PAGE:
L

Larry Martell

I was in charge of the team at work that had to make all code Y2K compliant.
I discovered the one bug that to my knowledge slipped through the net. Four
years later back at the same place on contract I fixed the fix!!!
From around 1997 till 2000 all I did was fix Y2K bugs. I'm pretty sure
I got them all. For one client I fixed well over 200. After the new
year came and nothing broke, the owner of the company said "You made
such a big deal about this Y2K stuff, and it turned out not to be a
problem at all."
 
Ad

Advertisements

R

rusi

Hahaha -- Very funny and serious. Ive been actually experienced being
kicked out of job for writing decent working code and not making a big
deal of it.

Comes back the start of the thread -- What do we teach students?
Should we teach how to write the best possible code and as effortlessly
as possible? Or should we also teach how to make a fuss, how to pretend
to (over)work while actually (under)delivering?

In a Utopia this would not be a question at all.
But we dont live in Utopia...

[And there are languages WAY better than C... C++ for example]
 
G

Grant Edwards

The problem with the C class wasn't that it was "hard". I had passed my
Pascal class, which taught nearly exactly the same issues with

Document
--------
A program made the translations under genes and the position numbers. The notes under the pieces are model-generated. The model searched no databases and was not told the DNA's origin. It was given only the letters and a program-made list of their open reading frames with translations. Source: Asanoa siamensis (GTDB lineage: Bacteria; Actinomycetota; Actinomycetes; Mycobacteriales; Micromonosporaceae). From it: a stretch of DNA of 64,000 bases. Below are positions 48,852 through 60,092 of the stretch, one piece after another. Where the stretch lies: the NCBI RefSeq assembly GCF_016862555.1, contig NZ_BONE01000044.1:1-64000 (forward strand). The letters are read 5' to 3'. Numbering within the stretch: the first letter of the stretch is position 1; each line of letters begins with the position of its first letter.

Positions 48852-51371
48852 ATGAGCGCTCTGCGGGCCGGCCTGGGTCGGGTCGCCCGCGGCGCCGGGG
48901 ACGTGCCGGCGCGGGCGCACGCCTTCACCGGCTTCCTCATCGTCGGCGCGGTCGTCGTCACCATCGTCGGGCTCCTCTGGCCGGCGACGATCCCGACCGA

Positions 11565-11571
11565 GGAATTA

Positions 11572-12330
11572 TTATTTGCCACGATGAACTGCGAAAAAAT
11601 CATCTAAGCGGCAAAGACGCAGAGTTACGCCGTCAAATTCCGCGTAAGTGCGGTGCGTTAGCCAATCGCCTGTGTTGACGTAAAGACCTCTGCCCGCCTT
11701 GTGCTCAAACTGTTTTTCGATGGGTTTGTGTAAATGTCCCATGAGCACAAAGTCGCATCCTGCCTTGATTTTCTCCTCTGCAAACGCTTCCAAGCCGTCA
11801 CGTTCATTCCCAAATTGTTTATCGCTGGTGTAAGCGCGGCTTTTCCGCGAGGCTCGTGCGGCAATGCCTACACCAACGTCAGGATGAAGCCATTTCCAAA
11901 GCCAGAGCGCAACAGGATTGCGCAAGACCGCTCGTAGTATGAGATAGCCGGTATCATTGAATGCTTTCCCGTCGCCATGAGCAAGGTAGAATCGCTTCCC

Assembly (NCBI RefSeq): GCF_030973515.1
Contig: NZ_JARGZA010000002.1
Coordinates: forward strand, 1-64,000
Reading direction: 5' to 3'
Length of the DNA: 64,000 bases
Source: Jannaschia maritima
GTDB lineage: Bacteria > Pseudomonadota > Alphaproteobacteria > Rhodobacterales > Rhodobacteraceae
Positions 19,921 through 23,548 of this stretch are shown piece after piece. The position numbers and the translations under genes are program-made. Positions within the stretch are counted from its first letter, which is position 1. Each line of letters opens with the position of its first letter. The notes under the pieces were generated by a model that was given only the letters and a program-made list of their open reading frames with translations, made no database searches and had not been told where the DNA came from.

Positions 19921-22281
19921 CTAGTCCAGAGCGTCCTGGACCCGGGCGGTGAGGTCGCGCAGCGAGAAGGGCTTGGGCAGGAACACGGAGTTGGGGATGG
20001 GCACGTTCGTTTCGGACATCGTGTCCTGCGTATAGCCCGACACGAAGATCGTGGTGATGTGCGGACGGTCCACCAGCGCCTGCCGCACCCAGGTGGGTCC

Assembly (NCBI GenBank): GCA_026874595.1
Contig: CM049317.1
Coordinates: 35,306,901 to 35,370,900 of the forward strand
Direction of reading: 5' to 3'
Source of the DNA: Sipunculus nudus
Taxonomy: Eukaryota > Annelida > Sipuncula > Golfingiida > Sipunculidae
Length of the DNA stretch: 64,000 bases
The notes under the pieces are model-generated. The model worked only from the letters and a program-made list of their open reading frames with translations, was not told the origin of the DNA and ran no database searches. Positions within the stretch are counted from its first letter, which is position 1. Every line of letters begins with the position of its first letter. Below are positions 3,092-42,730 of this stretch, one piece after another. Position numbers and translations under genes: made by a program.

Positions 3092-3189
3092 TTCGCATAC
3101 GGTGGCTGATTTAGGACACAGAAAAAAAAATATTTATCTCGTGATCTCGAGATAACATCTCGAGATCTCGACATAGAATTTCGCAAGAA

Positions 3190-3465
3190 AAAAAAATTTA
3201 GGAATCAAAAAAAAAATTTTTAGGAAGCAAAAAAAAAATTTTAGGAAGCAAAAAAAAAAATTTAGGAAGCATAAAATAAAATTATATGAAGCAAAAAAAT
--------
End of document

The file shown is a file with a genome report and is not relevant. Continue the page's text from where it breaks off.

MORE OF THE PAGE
"straight A"s before (without ever having writeen any source code ever
before). And by standard cognitive testing standards, I'm not exactly
considered to be an idiot.

I agree that C is a awful pedagogical language. When I was in
university, the first language for Computer Science or Computer
Engineering students was Pascal. After that, there were classes that
surveyed Prolog, SNOBOL, LISP, Modula, APL, FORTRAN, COBOL, etc. If
you were an "other" engineering/science major, you learned FORTRAN
first (and last). I think there may also have been some business
types who were taught BASIC.

C wasn't taught at all. When I graduated and started doing real-time
embedded firmware, the choices were Generally C or Pascal. The first
projects I did were in Pascal, but I learned C because the development
host was a PDP-11 running Unix and I needed to write some small (non
embedded) utilities. Today, all my embedded work is in C. Python
fell out of style for some reason, but (with a few extensions) it was
a fine language for embedded work as well.

I've always thought C was a great language for low-level, bare-metal,
embedded stuff -- but teaching it to first or second year computer
science students is just insane. C has a certain minimalist
orthogonality that I have always found pleasing. [People who smile